A man in his forties walked out of an Arrivals building at Southampton Airport at night while wheeling his baggage behind him, and walking over to a National Express Bus Stop. He showed his ticket to a driver who then took his luggage and placed it into a below storage hold, allowing him to board the bus and to find a seat. The man was looking out of a window at Christmas lights as the bus was travelling along different roads and going around bends for an hour – his eyes glimpsed Bournemouth Pier with its lights lit brightly, I’m home, he thought.
The coach entered Bournemouth Bus Station, and the man got off the bus and went by taxi for the final ten minutes of his journey. He was stood outside a semi-detached house watching the taxi pull away into the darkness. He walked up to the door and rang the bell, sighing, a Christmas melody was chiming. He could hear footsteps, the door opened, ‘Uncle James! Hello!’
‘Hello Benjamin’ He’s getting bigger, a teenager–
‘Who is it?’ a voice sounded.
‘It’s Uncle James, Grandma. Grandma, it’s Uncle James!’
James walked into the house – in the vestibule he was dazzled by the brightness of the fairy lights, and with the Christmas decorations and tinsel. His other nephew came to greet him, ‘Hiya Uncle James.’
‘Hello Owen. Are you both looking forward to Christmas?’
‘Yes, I’m getting a new bike, smartwatch, a laptop, and new games for my Xbox, and Ben is also getting a smartwatch, laptop, and new games, but he’s getting a new electric guitar instead of a bike. And we’re getting wireless headphones.’
The teenagers ran into the living room.
James went upstairs towards where he had heard the voice, knocked and walked into a bedroom, ‘hiya mum, dad’ – they were lying in bed.
‘Hello son’, they replied.
‘How are you?’ he asked.
‘We’re fine’, his mother stated.
‘The kids are here.’
‘Yes, we’re just minding them for your sister, to give her a break. But we don’t mind, do we Stanley?’
‘No’, her husband answered.
‘We enjoy having them.’
‘Yes’, James agreed, ‘have you’–
‘Listen, I’ve left you some dinner, if you’re hungry, all you have to do is to heat it up in the microwave. I’ve also made your room up, you’re in the smallest one because the boys are staying the night. You must be tired, travelling all that way. How long does it take to fly from the USA? Boston?’
‘The whole journey, including transfers, takes about eight or nine hours.’
‘Well, you must be tired. I’ll leave you to have your dinner and to rest a little. I’ll speak to you tomorrow. Go and have your dinner.’
‘Ok. I’ll see you tomorrow. Goodnight.’
The next morning James walked into his parents’ bedroom, ‘good morning.’
‘Morning’, his mother replied coldly.
There was no response from his father.
‘It seems strange to be back. Here on holiday, and with living in Massachusetts.’ James observed a contemptuous expression appear on their faces. What’s wrong with them? Is this about before? ‘I was hoping the airline would have given me a free upgrade when I was checking in, but they didn’t. Maybe one day, although I don’t know’, cheerfully.
James’ father got out of bed, ‘who would want to give you anything’, angrily and scornfully as he walked past him and out of the room. His mother was playing a card game on her iPad, smirking.
She looked up, ‘I’m not going to speak to you while you’re here. I don’t want to speak to you’, affirming nastily.
What?? ‘What? Why? What have I ever done to you? I have travelled all this way to see you and to see everyone’, tired, raising his voice slightly, I shouldn’t have raised my voice. It’s been a long time since I’ve done that. I forgot, she wants me to do that.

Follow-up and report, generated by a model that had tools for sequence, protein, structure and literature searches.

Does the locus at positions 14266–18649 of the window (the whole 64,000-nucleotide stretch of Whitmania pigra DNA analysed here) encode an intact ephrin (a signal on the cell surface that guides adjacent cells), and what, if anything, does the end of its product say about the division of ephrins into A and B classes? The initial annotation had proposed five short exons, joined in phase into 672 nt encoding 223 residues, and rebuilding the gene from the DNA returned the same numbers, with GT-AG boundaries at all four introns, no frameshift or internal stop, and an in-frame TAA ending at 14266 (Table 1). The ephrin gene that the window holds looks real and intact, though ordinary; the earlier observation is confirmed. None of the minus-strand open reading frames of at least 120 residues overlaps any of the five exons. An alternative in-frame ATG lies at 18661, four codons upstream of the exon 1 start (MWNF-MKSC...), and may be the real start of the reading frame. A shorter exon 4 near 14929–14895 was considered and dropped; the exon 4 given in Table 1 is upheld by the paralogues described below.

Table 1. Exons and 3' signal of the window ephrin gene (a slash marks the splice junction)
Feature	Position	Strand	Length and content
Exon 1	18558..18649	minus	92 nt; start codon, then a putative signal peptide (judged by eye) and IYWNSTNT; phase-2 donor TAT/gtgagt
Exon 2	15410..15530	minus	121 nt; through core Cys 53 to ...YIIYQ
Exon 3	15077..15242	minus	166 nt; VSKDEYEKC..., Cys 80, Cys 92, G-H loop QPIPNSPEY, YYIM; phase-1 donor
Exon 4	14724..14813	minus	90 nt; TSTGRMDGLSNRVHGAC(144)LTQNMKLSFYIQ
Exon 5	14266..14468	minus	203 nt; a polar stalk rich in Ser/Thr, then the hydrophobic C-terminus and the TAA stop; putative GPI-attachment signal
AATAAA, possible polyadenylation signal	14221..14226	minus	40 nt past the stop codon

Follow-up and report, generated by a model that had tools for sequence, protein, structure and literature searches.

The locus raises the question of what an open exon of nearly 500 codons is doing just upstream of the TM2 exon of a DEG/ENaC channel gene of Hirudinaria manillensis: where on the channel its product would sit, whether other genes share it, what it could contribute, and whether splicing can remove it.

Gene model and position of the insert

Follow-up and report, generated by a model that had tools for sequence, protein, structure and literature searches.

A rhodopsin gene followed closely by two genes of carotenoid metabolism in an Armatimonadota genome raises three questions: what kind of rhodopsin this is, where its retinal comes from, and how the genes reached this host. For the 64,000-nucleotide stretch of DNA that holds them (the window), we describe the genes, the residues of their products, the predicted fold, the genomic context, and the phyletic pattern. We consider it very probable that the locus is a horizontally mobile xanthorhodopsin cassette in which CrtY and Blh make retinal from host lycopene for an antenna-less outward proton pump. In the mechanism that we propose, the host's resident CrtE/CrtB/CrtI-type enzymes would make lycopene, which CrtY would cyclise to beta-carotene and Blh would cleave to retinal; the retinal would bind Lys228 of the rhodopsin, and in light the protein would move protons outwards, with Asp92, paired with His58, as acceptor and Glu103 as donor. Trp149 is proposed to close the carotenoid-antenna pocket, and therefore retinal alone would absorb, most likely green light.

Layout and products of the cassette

Smirking again, ‘oh, you’re shouting. You always shout.’
‘I didn’t shout.’
‘Yes you did. You shouted. Shouting at your mother’, smugly.
I’ll remember next time. ‘Is this because I couldn’t go to Ben’s recital in April? I told you, I was ill.’
‘You didn’t want to go to the school and see Ben play in a band.’
‘I was going to go, but I was sick’, maintaining a calm and polite tone, ‘I was vomiting, you know this, you saw me vomiting. I had some sort of virus, I was dizzy, when I was walking, it felt as if the rooms were literally at an angle. I was ill, and the very next day I had to fly back to Massachusetts. I was worried that I would feel ill and that I would be sick on the plane. Having had an early night before flying back helped me, but I was still dizzy when I was on the plane. I couldn’t go to the recital’, frustratedly.
His mother was shaking her head, ‘no, you didn’t want to go, and Ben wanted you to go to watch him play in the band.’
‘I couldn’t go, I was ill, and the next day I had to fly back to Massachusetts’, he conveyed firmly, yet respectfully.
She continued to shake her head.
I don’t understand. You must know that I was ill.
‘I’m not going to speak to you while you’re here.’
I shouldn’t have bothered coming back. ‘This started in April, not speaking to me, and when I came in August for the summer holiday, you kept on mentioning it, and now, you’re carrying on with it. But this is worse. I can only come three times a year. You just don’t care, do you?’
His mother kept playing the card game on the iPad.
‘You don’t care that I was ill. You just want me to do whatever it is that you demand. I shouldn’t have come back’, I should have stayed where I was. ‘I’m not coming here for the next holiday in April’, he asserted, that would be a year that this would have been going on for. ‘I’ve had enough’, a sad and unsettling anxiousness passed through his body. You need to learn that you cannot treat me like this. I may. I probably, will come some other time, but not in April, and maybe longer, resigned.
She remained silent, on her iPad, ignoring him.
James turned and walked out of her bedroom – I’ll go back to my room, close the door, and stay out of the way.
James was in the bedroom flicking through different television channels to find a Christmas movie to watch, when he heard his sister come into the house – I should say hello, although I don’t want to go down there. He was walking down the stairs and he could hear muffled sounds coming from the kitchen, from his mother who was talking to his father and sister, he went in – she stopped immediately – silence.
They seem surprised. I’ve caught you!
His mother, father, and sister were staring at him–
The silence remained.
This is awkward. ‘Hi Kayleigh.’
‘Hello’, his sister said, looking away and raising her eyes as if to the heavens.
The silence was prolonged.
‘I only want a drink, a bottle of water.’ James opened the fridge and took out a small bottle. ‘Ok then’, and as he was walking back to the bedroom, he could hear his parents and sister starting to talk quietly again, so that’s why no one really spoke with me when I was last back.